On October 20, 2019, a top Internet search term emerged that concerned the Tulsa Race Massacre. The interest was sparked by a streaming TV episode, which depicted the 1921 massacre that occurred in the area of Tulsa known as Black Wall Street.
Because this particular TV series is based on a comic book, many of the searches on Google asked whether or not this was historic. According to reports, the analytics from Google also reveal that a great number of those searches happened in the state of Oklahoma. These searches suggest the existence of a historical blind spot.
Six years ago, my wife and I became foster parents. This decision led to us being blessed by our two incredible sons that we adopted four years ago. I remember the day I had an experiential blind spot revealed to me.
As I was walking through a store with my two boys in the shopping cart, I noticed a variety of glances that we would receive. Some people would smile at me while giving me a little nod. Others would look, and their eyebrows would rise, and their heads would shake side to side ever so slightly. They saw that my skin color and the skin color of my boys did not match, and this led to a reaction from people around me. My experience in a multiracial family turned on a light, and it, at least partially, removed the blind spot I had possessed for most of my life.
I will forever be in the debt of my black friends to whom I can go to for advice. They were able to enlighten me on everything from hair and skin products to understanding what their experiences were like growing up as black men. This is something I will never fully comprehend, but one of my goals as a father, as a friend and as a brother in Christ is to remove as much of the blind spot of the experience of my friends of other ethnicities as I can.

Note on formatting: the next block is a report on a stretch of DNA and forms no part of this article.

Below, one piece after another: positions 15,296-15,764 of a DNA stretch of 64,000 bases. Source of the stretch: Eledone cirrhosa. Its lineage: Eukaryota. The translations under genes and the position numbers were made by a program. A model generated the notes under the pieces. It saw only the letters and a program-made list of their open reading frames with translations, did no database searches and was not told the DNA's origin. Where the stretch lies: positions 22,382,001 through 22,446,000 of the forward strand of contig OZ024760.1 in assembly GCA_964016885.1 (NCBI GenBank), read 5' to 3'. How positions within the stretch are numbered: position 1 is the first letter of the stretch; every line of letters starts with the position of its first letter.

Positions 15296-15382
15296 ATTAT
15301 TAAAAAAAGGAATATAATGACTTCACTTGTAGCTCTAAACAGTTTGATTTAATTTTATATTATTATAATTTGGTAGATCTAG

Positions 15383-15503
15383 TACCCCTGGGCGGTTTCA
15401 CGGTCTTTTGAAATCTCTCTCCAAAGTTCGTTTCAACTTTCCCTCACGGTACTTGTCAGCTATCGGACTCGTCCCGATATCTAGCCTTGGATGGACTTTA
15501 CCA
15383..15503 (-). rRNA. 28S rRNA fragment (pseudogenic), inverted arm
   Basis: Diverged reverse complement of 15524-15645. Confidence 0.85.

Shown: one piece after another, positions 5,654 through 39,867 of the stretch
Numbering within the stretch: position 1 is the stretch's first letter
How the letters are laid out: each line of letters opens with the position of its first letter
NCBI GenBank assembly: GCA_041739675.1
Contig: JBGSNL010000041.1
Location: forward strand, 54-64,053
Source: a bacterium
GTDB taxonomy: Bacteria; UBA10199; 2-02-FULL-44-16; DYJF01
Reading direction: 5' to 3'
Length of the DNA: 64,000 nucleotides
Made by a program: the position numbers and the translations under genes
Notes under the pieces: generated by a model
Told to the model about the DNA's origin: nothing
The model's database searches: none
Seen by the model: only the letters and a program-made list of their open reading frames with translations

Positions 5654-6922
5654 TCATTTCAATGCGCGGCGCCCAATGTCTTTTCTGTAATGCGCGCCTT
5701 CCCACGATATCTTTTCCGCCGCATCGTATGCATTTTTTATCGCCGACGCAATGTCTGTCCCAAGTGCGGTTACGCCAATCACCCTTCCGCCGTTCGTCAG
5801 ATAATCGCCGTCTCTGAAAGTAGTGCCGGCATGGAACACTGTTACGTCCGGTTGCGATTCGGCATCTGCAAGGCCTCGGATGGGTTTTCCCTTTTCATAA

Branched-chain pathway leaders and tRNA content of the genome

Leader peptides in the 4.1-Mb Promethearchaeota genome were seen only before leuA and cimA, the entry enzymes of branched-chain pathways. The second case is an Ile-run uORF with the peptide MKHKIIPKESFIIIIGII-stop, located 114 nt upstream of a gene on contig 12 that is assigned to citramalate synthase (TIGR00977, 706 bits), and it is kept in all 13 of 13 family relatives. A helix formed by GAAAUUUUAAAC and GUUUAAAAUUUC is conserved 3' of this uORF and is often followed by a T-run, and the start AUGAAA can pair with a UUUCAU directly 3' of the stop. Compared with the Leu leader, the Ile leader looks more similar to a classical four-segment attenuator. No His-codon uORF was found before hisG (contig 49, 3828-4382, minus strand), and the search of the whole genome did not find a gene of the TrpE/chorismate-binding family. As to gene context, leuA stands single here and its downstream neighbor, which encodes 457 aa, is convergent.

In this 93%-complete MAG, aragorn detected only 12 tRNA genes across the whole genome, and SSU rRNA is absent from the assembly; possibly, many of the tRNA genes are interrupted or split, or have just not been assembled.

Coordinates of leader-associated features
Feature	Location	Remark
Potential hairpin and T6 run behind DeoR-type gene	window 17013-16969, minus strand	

The most powerful tool that I have had in this continual process is simply listening. My friends have shared with me the blessings and challenges that they have faced, and these stories have forced me to open my eyes to my own prejudices and blind spots.
One does not have to read very far in Scripture to see how Jesus sought to remove blind spots from His followers. He loved to make people uncomfortable in their own blind spots. His disciples experienced this as Jesus ministered to the Samaritan woman, or among the swine herders along the shores of the Galilee.
This reveals the heart of God. From the beginning of God’s covenant with Abraham, there was an inclusion to all nations and ethnicities as the seed of Abraham would be a blessing to all the families of the earth (Gen. 12:3).
One of the promises of the Messiah is that He will be a welcoming place for all nations (Isa. 11:10). This culminates in a glorious picture of people from every ethnicity, all tribes and peoples and tongues, gathered before the throne to worship our Savior and Lord (Rev. 7:9). This unity that will be experienced in Heaven is not something we should delay. Instead, may we all, as brothers and sisters in Christ, seek to remove our blind spots of the experiences of others. May we show empathy and concern for the struggles of those around us, regardless of nationality or skin color. May we love as Jesus did, not just reaching across our differences, but destroying the barriers which can separate us.
May we sing together the praise of the Lamb who was slain and was raised again!